An Open Letter to High School Seniors Hearing Back from Colleges

An open letter to high school seniors hearing back from colleges:

I was in your shoes 3 years ago.

Well, I didn’t have the hottest fashion sense and thus wore basketball shoes a lot, but the metaphor still stands - March of 2015 was one of the most anxious time periods of my life.

UChicago sending personalized emails to "FirstName"

UChicago sending personalized emails to "FirstName"

And here are we are again in March once again. First and foremost, congratulations to everyone who got into the college(s) of their choice! But to those of you who didn't - take a deep breath, relax and understand that this isn't the end of anything.

And this isn’t just a “pick me up” story, nor is it me writing this because my brother is a senior in high school.

Here’s my hypothesis: you don’t know what the college of your choice truly is, and to some degree, it doesn’t matter.

I’ll repeat that because it’s important for this to sink in - you don’t actually know which college is the best fit for you, and to some extent, it doesn’t even matter.

If my hypothesis stands, then it leads to an important conclusion - you shouldn’t be devastated about missing the target on “the college of your choice” because there is a high probability that you were looking at the wrong dart-board anyway. 

Not convinced?

Okay, so let’s go through why you think Macalester College is your dream college (I have no personal vendetta against Macalester - I used to find a college name for this article).

  • You love Macalester because your mom and her father before her both attended the school and it’s in your blood
  • Or you love Macalester because it ranked #1 on US News.
  • Or you love Macalester because you’ve seen it’s crazy parties on various social media outlets.
  • Or you love Macalester because every single one of your closest friends is applying to it.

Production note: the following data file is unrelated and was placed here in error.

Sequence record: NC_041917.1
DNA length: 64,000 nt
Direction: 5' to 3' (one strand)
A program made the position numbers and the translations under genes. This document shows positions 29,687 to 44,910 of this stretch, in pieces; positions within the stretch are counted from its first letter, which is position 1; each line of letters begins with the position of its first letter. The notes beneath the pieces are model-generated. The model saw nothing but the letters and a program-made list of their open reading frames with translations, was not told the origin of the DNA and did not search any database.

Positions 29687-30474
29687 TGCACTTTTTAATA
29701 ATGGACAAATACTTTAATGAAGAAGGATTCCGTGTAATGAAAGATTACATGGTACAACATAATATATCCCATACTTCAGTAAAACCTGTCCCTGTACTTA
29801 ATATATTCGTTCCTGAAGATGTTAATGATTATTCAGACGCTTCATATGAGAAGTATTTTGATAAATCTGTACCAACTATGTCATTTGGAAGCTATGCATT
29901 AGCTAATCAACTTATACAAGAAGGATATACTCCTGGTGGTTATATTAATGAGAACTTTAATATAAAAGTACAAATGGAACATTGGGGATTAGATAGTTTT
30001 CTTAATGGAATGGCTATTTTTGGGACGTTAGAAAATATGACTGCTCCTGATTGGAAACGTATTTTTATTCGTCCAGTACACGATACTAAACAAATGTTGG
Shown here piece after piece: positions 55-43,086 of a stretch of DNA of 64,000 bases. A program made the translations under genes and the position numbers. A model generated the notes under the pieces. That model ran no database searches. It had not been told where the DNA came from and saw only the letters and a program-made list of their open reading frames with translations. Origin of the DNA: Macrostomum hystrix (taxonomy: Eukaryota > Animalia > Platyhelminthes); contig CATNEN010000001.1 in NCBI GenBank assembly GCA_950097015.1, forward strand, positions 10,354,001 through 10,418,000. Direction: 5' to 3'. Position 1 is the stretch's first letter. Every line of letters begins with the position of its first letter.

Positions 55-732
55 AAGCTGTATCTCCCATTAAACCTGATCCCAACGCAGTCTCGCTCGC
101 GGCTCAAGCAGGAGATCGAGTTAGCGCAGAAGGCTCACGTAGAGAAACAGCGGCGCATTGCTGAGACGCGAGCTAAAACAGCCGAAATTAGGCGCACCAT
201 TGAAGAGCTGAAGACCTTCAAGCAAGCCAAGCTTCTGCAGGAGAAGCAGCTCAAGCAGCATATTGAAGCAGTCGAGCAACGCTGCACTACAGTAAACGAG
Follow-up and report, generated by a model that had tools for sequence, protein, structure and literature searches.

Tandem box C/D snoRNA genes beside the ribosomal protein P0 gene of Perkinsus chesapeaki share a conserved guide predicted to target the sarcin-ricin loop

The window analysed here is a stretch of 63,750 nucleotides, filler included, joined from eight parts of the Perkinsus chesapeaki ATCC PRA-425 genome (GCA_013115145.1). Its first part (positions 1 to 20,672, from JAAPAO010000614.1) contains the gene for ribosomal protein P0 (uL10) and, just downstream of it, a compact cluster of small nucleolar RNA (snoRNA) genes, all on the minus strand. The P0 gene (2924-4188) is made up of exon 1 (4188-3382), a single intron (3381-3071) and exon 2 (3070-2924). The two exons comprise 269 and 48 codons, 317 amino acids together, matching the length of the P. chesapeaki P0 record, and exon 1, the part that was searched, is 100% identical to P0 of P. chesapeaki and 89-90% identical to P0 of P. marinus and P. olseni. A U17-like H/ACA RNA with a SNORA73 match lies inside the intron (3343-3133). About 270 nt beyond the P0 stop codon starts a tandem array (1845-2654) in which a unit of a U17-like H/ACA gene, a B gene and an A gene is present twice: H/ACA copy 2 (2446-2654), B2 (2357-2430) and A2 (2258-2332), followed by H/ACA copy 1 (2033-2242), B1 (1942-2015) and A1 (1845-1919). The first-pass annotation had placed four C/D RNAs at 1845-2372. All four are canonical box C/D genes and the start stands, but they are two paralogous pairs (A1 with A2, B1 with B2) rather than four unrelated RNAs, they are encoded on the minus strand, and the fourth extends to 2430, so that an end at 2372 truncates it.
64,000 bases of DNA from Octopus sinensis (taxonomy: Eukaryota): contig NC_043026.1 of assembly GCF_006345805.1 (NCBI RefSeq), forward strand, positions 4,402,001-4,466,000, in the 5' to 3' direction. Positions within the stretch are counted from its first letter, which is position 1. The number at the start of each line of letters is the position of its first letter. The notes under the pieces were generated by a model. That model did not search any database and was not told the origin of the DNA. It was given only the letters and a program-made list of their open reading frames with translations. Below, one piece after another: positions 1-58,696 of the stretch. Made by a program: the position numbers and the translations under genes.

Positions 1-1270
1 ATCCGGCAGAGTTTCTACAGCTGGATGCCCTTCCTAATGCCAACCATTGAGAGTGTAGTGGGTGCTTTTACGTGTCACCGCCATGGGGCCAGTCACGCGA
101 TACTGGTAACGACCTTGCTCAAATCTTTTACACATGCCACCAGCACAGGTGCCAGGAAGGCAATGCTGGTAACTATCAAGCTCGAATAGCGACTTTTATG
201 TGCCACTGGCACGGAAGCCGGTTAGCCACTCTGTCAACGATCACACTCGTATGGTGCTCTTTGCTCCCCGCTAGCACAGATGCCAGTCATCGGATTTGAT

• Or you love Macalester because your family friend attended it, and now he’s got a great job.
  • Or you love Macalester because visited and you found the campus to be really pretty.

I know some of these reasons really applied to me when I was waiting to hear back from the colleges I added on the CommonApp. And now looking back 3 years later, I realize that I was just a blind man touching the trunk of an elephant, assuming it to be a snake because of the limited data I had in front of me (that’s a reference to an old proverbial tale).

I had no idea what Macalester college was actually like - how could I? I hadn’t actually attended Macalester - the only actual way to learn whether this college was right for me.

I know rejection letters from colleges suck. I usually closed the email when I read “Dear Daksh, Thank you for applying to Macalester. This year we had a huge number of applicants...”

But chances are, Macalester was never a good fit for me anyway.

I know what some of you are thinking at this point - “But aren’t some colleges better than others? But I read that Macalester graduates make more money than anywhere else! Isn’t it better to attend a college with the smallest acceptance rates?”

Yes, and no.

I’ve always thought of every goal as the top-most rung on a ladder.

An open letter to high school seniors.jpg

If one of your goals is to be a world renown architect or a managing director at an investment bank or a highly published biochem researcher - that’s your top rung. The college you get into might place you on the 2nd rung, it might place you on the 4th. What you do after you get in will dictate how fast, and whether you ever climb to the top rung.

College is a new starting point, not a destination.

So visit the college(s) you do get into, and try and collect as many data points as you can. I have friends attending smaller less-famous colleges that have fed into Google. Likewise, I have friends struggling to find “good” jobs from colleges that top the “rankings” year-after-year.

What you need to figure out is what rung college XYZ places you on, for the ladder you’re determined to climb.

Macalester won’t place you on the same rung for every type of ladder. 

You've seen a tiny fraction of the world we live in. You've met a tiny fraction of the world’s population. You know a tiny fraction of the information available to us. No matter where you go - you'll be in a new place, meeting new people, learning new things and opening yourself up to new opportunities.

You don’t know what the college of your choice truly is, and to some degree, it doesn’t matter.